Instead of offering specifics and honesty in their ads, Brown and Whitman tend to go for gut reactions.

By Cathleen Decker, Los Angeles Times

September 19, 2010

Politically speaking, last week was a week only Walt Disney could have loved.

Jerry Brown and Meg Whitman tussled for days over the truthfulness of Bill Clinton — something the rest of the country might have thought was settled in the 1990s — and ended up bickering over Brown’s characterization of Whitman as Pinocchio. (Complete, in a campaign ad, with lengthening nose and snappy hat digitally placed atop her head.)

The state they want to lead was falling deeper and deeper down the rabbit hole, like a doomed Alice in Wonderland. California made history last week of the wrong sort: On Thursday, the Legislature broke its record for failing to produce a state budget. Lawmakers did not mark the occasion by passing one.

Gov. Arnold Schwarzenegger spent much of the week in Asia, where he tweeted regularly about his activities in the buoyant tones used by the perennially effervescent. “Selling California nuts in Seoul,” he reported on Tuesday, the 76th day without a state budget.

Californians already have astonishingly negative impressions of their political figures, so in one sense it was not clear if it was possible for the week to further dampen their spirits. But there was a plaintive quality to a question posed to Whitman on Wednesday at an event in San Francisco.

The questioner, a 24-year-old Democrat named Susan McKay, wanted to know why Whitman was continuing to air an ad whose anti-Brown premise — made by Clinton in a 1992 video — had been debunked as untrue. Then, she added:

“I think I speak for all of California when I say we don’t want politicians creating more problems without solutions or plans for the future.”

That might have been the most polite iteration this year of the voter anger that has swept the nation and has put Brown and other Democrats in the crosshairs, even in this plurality-Democratic state. But will it change things?

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All of last week’s political maneuverings, from the Bill Clinton dust-up to the barrage of ads being run by the candidates and assorted outside parties, centered on the big issue in this year’s race: who best to trust with the fractured economy?

Clinton came into the race when Whitman resurrected a contentious moment from the 1992 presidential contest, in which both Clinton and Brown were running. Brown spent much of that campaign baiting Clinton, and Clinton responded in a debate, citing a CNN report that said the tax rate rose over Brown’s two terms as governor.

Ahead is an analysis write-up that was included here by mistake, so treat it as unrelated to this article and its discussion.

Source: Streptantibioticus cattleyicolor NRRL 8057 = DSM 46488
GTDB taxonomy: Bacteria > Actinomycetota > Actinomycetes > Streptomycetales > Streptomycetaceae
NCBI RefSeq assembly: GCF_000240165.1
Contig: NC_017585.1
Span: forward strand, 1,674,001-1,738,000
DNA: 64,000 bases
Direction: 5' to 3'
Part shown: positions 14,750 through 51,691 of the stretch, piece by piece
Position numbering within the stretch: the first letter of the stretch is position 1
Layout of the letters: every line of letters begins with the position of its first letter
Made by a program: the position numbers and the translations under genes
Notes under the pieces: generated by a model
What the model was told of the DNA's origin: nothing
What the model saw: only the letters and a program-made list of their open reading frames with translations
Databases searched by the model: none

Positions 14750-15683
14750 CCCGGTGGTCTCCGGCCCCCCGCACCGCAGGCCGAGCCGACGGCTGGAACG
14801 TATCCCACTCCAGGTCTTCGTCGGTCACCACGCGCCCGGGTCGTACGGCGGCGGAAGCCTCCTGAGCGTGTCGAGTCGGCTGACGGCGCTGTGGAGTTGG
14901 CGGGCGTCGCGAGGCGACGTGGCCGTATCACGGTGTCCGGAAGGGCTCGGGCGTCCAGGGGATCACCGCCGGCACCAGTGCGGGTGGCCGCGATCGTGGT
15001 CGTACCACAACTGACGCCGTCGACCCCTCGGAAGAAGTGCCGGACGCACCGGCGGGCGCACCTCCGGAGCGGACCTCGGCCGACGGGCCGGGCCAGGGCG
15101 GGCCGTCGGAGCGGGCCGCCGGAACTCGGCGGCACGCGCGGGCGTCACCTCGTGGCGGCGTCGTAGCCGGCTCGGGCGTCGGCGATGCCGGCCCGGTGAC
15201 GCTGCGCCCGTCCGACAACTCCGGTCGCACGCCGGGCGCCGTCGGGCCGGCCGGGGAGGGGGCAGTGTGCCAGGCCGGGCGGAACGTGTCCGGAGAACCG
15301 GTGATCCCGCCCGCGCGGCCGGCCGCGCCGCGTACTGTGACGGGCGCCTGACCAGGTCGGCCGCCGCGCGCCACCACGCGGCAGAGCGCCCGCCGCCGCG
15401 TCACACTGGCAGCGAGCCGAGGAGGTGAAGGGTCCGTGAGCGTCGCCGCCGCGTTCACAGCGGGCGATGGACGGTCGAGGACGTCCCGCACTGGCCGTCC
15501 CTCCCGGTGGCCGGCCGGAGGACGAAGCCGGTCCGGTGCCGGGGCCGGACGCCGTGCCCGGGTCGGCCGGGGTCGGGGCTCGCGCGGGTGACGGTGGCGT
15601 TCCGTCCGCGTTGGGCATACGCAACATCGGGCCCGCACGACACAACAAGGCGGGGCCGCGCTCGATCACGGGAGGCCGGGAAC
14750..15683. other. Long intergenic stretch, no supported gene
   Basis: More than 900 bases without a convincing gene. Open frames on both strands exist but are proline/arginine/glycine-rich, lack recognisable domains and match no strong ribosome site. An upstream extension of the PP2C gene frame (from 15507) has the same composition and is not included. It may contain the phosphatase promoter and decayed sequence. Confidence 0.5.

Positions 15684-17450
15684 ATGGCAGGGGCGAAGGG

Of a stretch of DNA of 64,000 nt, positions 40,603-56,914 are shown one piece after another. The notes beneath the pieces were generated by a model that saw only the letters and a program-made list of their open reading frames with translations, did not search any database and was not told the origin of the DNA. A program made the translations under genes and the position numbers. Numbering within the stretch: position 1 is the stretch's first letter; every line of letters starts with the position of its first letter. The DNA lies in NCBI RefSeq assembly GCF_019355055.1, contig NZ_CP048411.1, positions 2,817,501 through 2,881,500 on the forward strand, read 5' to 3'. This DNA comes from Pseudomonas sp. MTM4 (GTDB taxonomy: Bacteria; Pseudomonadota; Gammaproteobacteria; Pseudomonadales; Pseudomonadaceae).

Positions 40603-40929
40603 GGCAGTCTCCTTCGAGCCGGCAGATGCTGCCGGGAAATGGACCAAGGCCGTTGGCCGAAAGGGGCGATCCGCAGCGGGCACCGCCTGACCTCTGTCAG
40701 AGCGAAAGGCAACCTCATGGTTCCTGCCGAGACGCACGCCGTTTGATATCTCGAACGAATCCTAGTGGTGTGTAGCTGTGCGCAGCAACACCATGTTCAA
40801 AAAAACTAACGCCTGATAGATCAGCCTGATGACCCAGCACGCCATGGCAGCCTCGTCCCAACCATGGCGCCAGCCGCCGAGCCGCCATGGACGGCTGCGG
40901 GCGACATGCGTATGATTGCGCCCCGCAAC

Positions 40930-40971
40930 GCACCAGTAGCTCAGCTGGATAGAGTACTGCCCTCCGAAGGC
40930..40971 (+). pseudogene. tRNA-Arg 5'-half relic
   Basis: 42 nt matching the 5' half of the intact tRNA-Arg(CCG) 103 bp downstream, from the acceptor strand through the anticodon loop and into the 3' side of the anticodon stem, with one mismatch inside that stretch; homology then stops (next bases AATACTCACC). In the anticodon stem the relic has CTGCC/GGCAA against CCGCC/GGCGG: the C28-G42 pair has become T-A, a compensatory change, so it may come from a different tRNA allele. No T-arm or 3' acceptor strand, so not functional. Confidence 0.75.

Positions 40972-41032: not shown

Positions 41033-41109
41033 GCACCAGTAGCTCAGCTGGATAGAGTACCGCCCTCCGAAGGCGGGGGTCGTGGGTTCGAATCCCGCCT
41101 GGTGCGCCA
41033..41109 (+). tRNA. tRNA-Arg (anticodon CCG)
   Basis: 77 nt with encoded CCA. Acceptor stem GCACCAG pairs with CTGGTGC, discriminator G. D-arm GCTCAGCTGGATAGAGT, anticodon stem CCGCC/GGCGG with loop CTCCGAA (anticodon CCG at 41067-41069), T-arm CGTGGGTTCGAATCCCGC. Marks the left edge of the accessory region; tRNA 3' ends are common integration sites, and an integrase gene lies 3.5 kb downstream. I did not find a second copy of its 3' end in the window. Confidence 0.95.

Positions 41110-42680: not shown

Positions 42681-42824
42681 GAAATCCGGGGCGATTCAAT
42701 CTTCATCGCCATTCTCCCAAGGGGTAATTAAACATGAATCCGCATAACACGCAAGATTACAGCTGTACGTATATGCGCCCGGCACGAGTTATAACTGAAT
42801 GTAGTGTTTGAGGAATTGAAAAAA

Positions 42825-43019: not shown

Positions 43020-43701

The moment was meant to be a two-fer for Whitman: a Democrat still popular in California denigrating the current Democratic nominee for governor and undercutting Brown’s very rationale: I’ve been governor; I can do this job.

Brown brushed Whitman back by pointing out something that his campaign had neglected to make known in 1992: The CNN report was wrong. Taxes per $100 of income did not rise but fell during Brown’s gubernatorial tenure, from 1975 to ’83. (CNN had used an erroneous year.)

Whitman refused to scrub the ad, arguing that by another measure, Brown had raised taxes. At the same time, she reacted furiously to an ad by the California Teachers’ Assn. that claimed she intended to cut billions from education if elected governor.

Her campaign’s lawyer sent letters arguing that the ads were “demonstrably false” — legalese that echoed exactly what the Brown campaign was arguing about her ads against him. Brown’s counterattack on the Clinton ad and the CTA’s assertion that Whitman would cut education were meant to undercut Whitman’s desired image as a truth-telling non-politician who would protect what Californians want protected and ditch the rest.

Given the importance voters place on the economy and their permanent frustration with the budget, one might think that the candidates would be forwarding specifics aplenty about what they plan to do. They are not, for reasons that have to do with politics and human nature.

Politically speaking, only ideas with a high potential for popularity tend to surface in campaigns. Specifics tend to divide electorates; those who like the specifics stick around while those who don’t peel off. Reality is particularly hard to sell to California voters, who tend to want everything but don’t much want to pay for it. In their defense, it is almost impossible — for voters and politicians — to understand the vast complications of the state budget.

So rather than relying on 100-point proposals that play to voters’ brains, candidates appeal to their guts.

Take, for example, Whitman’s plan to move $1 billion now spent on welfare to higher education. Policy wonks can belabor the point that the cuts she has planned for welfare wouldn’t return that much money, or that they would result in huge cuts in matching funds from the federal government, meaning the state would be even deeper in the hole.

Voters hear something else entirely, according to Dan Mitchell, professor emeritus of management and public policy at UCLA.

“Maybe she’s just saying that ‘in terms of my values, social welfare programs are not my priority; that I skew more to the middle class and getting their kids into colleges,’ ” he said, describing a voter’s interpretation of Whitman’s plan.

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